It doesn't take a train buff to recognize kindred spirits roaming the halls of Congress and the White House have fallen in love with the possibilities of passenger rail. Not only does the stimulus effort include $8 billion for the development of high-speed rail, but President Barack Obama included an additional five-year, $5 billion state grant program in the budget he unveiled last week.
With the similarly elevated funding given Amtrak - formerly known as the industrial world's most perpetually insolvent railroad - it's likely that some people have expectations of Japanese-style bullet or French TGV trains zooming across the American landscape any day now.
Not so fast. As in literally not so fast.
While Mr. Obama's attitude toward passenger rail is refreshing and the billions appropriated will be helpful, the reality is that the United States is so far behind in its rail infrastructure that the money is not much more than a down payment on a down payment.
Much of Amtrak's new funding will have to be devoted to maintenance and equipment replacement. The system has been neglected too long for anything else.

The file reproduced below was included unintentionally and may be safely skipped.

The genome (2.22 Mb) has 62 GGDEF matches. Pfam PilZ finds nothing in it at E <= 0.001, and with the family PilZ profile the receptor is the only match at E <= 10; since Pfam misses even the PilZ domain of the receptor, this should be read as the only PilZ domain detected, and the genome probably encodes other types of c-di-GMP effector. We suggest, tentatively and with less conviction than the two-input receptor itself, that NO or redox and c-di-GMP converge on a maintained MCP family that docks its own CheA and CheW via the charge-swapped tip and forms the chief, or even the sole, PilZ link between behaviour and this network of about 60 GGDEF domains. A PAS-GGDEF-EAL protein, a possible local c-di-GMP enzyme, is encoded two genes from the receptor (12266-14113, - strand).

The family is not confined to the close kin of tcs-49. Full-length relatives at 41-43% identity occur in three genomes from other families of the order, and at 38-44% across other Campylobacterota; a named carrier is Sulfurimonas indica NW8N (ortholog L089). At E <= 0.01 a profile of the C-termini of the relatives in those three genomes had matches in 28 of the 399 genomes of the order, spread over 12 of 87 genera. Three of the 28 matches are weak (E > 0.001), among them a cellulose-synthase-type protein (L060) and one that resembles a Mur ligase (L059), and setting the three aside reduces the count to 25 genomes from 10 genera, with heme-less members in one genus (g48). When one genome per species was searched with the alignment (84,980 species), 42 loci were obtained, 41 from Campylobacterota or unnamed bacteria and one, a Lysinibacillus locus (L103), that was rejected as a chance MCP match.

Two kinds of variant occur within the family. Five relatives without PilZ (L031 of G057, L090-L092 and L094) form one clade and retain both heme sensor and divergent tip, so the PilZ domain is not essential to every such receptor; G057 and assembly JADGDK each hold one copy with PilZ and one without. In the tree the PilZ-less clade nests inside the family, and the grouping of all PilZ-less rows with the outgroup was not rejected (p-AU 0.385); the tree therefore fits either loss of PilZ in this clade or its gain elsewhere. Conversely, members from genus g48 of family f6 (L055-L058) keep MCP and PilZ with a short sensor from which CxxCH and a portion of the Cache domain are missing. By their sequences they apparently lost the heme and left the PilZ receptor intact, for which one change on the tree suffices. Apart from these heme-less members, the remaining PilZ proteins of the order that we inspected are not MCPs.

The cost of creating from scratch a 200-mile-per-hour passenger train network is high because existing U.S. rail lines are wholly inadequate for the task. It would be like running the Indy 500 on a rutted, cobblestone street shared with the equivalent of horse-drawn carriages - pokey freight trains.
Even in the Northeast, where Amtrak's Acela Express trains are this country's closest thing to high-speed rail, the limitations are daunting. The Baltimore and Potomac Tunnel on the city's west side is a 19th-century stone relic where trains are limited to a 30-mph crawl.
That doesn't mean high-speed rail is not worth doing. If the country is going to reduce dependency on oil and address climate change, an investment in passenger rail is essential. Rail is the most fuel-efficient ground transportation yet devised and the best for the environment - if a true network of service can be achieved.
What America needs is a long-term commitment to high-speed rail, not a brief flirtation. It isn't how much Mr. Obama puts in the budget in 2009 but whether that investment is allowed to grow - just as the nation's interstate highways took decades to realize. Rail service will similarly take time to plan and build (a process that ought to center on the Northeast, where demand for service is highest), but the president's contribution is a hopeful sign that the process has finally started.